The smartphone and tablet are taking the world by storm and this information isn’t lost on Altigen Communications the company who literally revolutionized the communications space in the nineties by merging the best of the PC and telephone into an office phone system for small companies. I remember meeting the company’s VP of Marketing Gary Andresen in 1996 as he showed the fascinating concept of merging the best of the PC and telephony worlds. For the next ten years or so Altigen evolved and went upmarket but in the past few years they’ve been very quiet. Part of the reason for the slowing in PR and marketing has to do with the company retooling its portfolio and evolving its strategy.
Going forward Altigen hopes to ride a huge wave of growth by developing products for existing ecosystems and subsequently taking advantage of a user base in need of new products and services.
For example the company augments Microsoft Lync with call center functionality as well as a smartphone/server combo known as MaxMobile which allows SIP over WiFi, Exchange 2010 UM sync, codec resource management, transcoding and more. In addition, MaxMobile also works within the Broadsoft ecosystem, allowing carriers to offer enhanced services to their customers.
Getting back to smartphone growth, Altigen has developed a new phone called iFusion SmartStation which acts as a high-end speakerphone or landline/office phone replacement meant primarily for iPhone users.
A simple device, it is a phone with a dock for an iPhone and a set of controls for bluetooth connectivity, speakerphone, volume and mute. The phone comes in black and white and I’ve tested both. They work well and the handset has a very solid feel to it – very professional and sturdy.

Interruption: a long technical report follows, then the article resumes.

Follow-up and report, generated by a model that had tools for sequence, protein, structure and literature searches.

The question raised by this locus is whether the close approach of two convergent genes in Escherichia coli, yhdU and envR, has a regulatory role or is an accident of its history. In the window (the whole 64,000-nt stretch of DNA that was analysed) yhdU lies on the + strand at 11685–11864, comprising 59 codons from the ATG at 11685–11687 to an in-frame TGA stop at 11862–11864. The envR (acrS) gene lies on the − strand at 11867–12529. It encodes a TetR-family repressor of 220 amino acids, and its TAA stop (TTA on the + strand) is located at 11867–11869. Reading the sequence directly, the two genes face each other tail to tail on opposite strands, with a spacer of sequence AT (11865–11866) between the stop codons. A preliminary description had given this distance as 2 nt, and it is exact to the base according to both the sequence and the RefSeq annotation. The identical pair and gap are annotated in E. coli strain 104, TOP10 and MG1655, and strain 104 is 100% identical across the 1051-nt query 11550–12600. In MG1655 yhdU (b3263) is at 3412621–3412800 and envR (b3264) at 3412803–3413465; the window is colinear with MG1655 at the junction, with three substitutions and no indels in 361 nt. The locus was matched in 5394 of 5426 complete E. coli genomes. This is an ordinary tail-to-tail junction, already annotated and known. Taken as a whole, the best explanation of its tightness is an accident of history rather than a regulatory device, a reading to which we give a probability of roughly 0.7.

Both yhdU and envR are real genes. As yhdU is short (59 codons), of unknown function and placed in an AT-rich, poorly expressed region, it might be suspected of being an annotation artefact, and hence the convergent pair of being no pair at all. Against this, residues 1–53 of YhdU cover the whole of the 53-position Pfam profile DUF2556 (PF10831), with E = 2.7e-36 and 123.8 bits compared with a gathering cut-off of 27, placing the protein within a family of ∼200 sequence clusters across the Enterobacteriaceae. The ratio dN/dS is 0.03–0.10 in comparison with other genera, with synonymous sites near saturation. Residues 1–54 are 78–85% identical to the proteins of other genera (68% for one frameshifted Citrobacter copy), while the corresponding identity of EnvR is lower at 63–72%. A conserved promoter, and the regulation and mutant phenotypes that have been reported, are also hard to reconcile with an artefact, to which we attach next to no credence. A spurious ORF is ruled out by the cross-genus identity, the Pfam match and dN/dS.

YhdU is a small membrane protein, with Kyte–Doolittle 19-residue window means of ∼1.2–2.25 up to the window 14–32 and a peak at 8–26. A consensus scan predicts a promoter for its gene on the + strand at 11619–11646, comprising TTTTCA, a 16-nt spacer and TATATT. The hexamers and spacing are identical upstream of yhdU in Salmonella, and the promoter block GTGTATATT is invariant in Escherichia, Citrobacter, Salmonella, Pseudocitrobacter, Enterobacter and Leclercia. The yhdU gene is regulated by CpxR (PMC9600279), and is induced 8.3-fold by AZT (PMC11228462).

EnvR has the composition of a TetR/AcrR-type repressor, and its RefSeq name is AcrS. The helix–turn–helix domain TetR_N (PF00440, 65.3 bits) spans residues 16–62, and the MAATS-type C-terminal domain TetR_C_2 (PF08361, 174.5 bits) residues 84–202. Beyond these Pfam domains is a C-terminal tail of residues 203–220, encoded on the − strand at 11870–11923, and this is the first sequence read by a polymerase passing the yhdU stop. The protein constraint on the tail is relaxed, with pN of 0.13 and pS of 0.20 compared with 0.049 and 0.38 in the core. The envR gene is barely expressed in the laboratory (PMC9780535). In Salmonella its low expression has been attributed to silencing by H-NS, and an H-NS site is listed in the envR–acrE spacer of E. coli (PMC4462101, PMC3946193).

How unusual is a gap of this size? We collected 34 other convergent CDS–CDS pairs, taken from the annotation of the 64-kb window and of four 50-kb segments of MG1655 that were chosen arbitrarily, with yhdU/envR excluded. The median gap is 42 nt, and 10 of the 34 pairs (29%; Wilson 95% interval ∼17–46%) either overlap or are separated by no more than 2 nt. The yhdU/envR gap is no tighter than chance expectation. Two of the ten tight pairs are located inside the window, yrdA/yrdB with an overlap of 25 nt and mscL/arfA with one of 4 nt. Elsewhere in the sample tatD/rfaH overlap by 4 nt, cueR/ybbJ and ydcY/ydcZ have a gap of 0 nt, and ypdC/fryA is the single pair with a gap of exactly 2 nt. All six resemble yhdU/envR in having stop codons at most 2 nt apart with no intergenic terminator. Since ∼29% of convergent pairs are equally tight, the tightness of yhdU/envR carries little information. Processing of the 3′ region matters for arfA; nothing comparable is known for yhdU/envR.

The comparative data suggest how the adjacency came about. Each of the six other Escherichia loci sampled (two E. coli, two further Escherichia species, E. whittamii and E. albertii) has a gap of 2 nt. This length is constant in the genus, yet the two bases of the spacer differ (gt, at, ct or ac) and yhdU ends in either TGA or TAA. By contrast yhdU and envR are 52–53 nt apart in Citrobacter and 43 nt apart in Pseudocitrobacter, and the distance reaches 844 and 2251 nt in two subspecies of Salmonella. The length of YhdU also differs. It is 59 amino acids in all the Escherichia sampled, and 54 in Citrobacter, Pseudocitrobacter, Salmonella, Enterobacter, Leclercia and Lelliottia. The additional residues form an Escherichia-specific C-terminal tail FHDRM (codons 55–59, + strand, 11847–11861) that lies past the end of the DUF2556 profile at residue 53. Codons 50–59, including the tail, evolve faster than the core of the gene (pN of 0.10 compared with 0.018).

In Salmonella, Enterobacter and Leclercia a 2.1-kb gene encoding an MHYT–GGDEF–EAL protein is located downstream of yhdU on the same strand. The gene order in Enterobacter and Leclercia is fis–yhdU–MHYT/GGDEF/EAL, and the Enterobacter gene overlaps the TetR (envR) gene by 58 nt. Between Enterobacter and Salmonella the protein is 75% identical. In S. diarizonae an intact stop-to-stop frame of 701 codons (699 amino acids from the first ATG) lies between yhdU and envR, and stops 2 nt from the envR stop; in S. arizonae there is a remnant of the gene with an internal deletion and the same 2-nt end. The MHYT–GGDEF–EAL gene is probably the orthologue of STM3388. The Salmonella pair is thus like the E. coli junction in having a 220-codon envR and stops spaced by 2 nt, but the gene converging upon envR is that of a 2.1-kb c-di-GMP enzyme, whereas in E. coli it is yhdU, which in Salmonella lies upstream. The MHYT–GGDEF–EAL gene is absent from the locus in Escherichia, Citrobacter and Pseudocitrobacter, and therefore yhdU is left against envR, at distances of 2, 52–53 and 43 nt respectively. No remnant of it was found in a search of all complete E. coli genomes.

In addition, there is a mini USB port to allow a connection between the phone and PC for iPhone syncing, as well as a stereo 3.5mm jack allowing you to enhance the sound of your music by sending it to external speakers. You can also pair multiple iPhones/Bluetooth devices with the iFusion.
I have spent some time discussing the new phone with the company’s Sr. Director, Corporate Strategy, Niel Levonius and he explained you can pair the iFusion with any Bluetooth phone and moreover you can use it with Skype – either running on your smartphone or on your PC. I asked him about whether there is a micro USB version coming allowing the easy insertion of Android devices for example and he said the challenge is these other phones don’t have a 30-pin connector meaning they aren’t necessarily designed to dock. Moreover, as he points out, phones have their micro USB connectors at random locations making the situation even more challenging. The company expects to come out with some innovative designs in the second half of 2012 which should accommodate many more phone types.
Another discussion I had with Niel was about the “grabby” nature of the phone with regards to Bluetooth. I noticed this first when I was listening to streaming radio via a Bluetooth stereo A2DP device and when I got within about 20-30 feet of my office, the audio started to come out of the phone instead of my headset. Niel says there is a firmware upgrade allowing you to switch the phone between this mode and another where it won’t be as “grabby.”
One other suggestion I mentioned to Niel but haven’t had a chance to hear back on was possibly getting rid of the cord to the handset by using Bluetooth, DECT, etc. This obviously presents new challenges as you now have sound traveling wirelessly from the cell tower to the mobile phone then via Bluetooth to the iFusion and then wirelessly again to the handset. I am interested in hearing Niel’s take and will share it when he responds.
In the meantime, at under $200, the Altigen iFusion SmartStation is a good phone worth buying either as a high-end speakerphone, eye candy for the executive desk or as a replacement for an office phone in conjunction with a shift from landline to mobile devices.